The Military Telegraph During the Civil War in the United States: With an Exposition of Ancient and Modern Means of Communication, and of the Federal and Confederate Cipher Systems ; Also a Running Account of the War Between the States, Volume 2 (Google eBook)

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Jansen, McClurg, 1882 - Military telegraph - 390 pages
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Page 135 - We have now ended the sixth day of very heavy fighting. The result to this time is much in our favor. Our losses have been heavy, as well as those of the* enemy. I think the loss of the enemy must be greater. We have taken over five thousand prisoners in battle, while he has taken from us but few, except stragglers. I propose to fight it out on this line, if it takes all summer.
Page 13 - If the head of Lee's army is at Martinsburg and the tail of it on the plank road between Fredericksburg and Chancellorsville, the animal must be very slim somewhere. Could you not break him?
Page 255 - I beg to present you, as a Christmas gift, the city of Savannah, with one hundred and fifty heavy guns and plenty of ammunition, and also about twenty-five thousand bales of cotton.
Page 109 - I will serve them honestly and faithfully against all their enemies or opposers whatsoever; and observe and obey the orders of the President of the United States, and the orders of the officers appointed over me, according to the rules and articles for the government of the armies of the United States.
Page 23 - I need hardly say to you that the escape of Lee's army without another battle has created great dissatisfaction in the mind of the President...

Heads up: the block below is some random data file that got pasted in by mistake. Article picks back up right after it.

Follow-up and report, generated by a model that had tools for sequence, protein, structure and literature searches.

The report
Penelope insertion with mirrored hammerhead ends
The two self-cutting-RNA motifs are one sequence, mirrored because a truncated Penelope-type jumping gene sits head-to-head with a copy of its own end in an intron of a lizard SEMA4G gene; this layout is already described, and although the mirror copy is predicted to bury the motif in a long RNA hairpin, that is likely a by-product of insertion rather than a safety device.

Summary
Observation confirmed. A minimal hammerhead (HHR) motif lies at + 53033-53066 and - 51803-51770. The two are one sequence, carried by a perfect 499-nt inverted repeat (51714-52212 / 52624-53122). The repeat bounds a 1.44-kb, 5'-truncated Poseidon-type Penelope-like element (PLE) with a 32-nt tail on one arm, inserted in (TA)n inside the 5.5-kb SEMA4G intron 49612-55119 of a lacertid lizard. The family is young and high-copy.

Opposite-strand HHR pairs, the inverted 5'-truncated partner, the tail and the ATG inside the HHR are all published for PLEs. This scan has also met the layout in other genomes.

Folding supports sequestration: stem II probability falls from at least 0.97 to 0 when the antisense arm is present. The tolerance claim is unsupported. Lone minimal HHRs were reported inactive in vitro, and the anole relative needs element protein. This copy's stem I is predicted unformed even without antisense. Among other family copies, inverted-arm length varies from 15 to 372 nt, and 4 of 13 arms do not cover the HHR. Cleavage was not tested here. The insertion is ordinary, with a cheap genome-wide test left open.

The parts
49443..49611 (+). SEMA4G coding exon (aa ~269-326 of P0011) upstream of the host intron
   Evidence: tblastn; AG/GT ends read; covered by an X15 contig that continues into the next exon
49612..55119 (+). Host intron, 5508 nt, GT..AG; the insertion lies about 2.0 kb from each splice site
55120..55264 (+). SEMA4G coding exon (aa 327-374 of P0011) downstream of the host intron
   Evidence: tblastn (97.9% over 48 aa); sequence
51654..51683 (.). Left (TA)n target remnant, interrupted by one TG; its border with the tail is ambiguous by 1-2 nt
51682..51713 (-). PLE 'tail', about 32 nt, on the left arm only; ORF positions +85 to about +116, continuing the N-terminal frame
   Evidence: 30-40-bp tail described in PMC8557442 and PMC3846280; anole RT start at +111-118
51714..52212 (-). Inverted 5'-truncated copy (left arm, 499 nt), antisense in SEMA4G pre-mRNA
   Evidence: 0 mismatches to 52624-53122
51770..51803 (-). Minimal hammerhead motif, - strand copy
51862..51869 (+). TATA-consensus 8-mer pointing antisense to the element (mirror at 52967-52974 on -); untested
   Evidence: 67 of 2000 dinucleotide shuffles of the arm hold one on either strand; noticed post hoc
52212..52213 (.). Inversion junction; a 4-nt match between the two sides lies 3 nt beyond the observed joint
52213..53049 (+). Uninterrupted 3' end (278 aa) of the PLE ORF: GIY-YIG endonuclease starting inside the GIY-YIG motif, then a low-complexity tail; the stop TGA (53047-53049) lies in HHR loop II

Page 73 - Drop every thing east of Bear creek, and move with your entire force towards Stevenson, until you receive further orders. The enemy are evidently moving a large force towards Cleveland, and may break through our lines and move on Nashville, in which event your troops are the only forces at command that could beat them there.
Page 331 - A short time before my nomination I was at Chicago attending a lawsuit. A photographer of that city asked me to sit for a picture, and I did so. This coarse, rough hair of mine was in a particularly bad tousle at the time, and the picture presented me in all its fright. After my nomination, this being about the only picture of me there was, copies were struck to show those who had never seen me how I looked. The newsboys carried them around to sell, and had for their cry, " Here's yer Old Abe ; 'll...
Page 23 - You are strong enough to attack and defeat the enemy before he can effect a crossing. Act upon your own judgment and make your generals execute your orders. Call no council of war. It is proverbial that councils of war never fight. Reinforcements are pushed on as rapidly as possible. Do not let the enemy escape.
Page 22 - There is reliable information that the enemy is crossing at Williamsport. The opportunity to attack his divided forces should not be lost. The President is urgent and anxious that your army should move against him by forced marches.
Page 326 - Hon. EM Stanton, Secretary of War, Washington. General Lee surrendered the Army of Northern Virginia this afternoon on terms proposed by myself.

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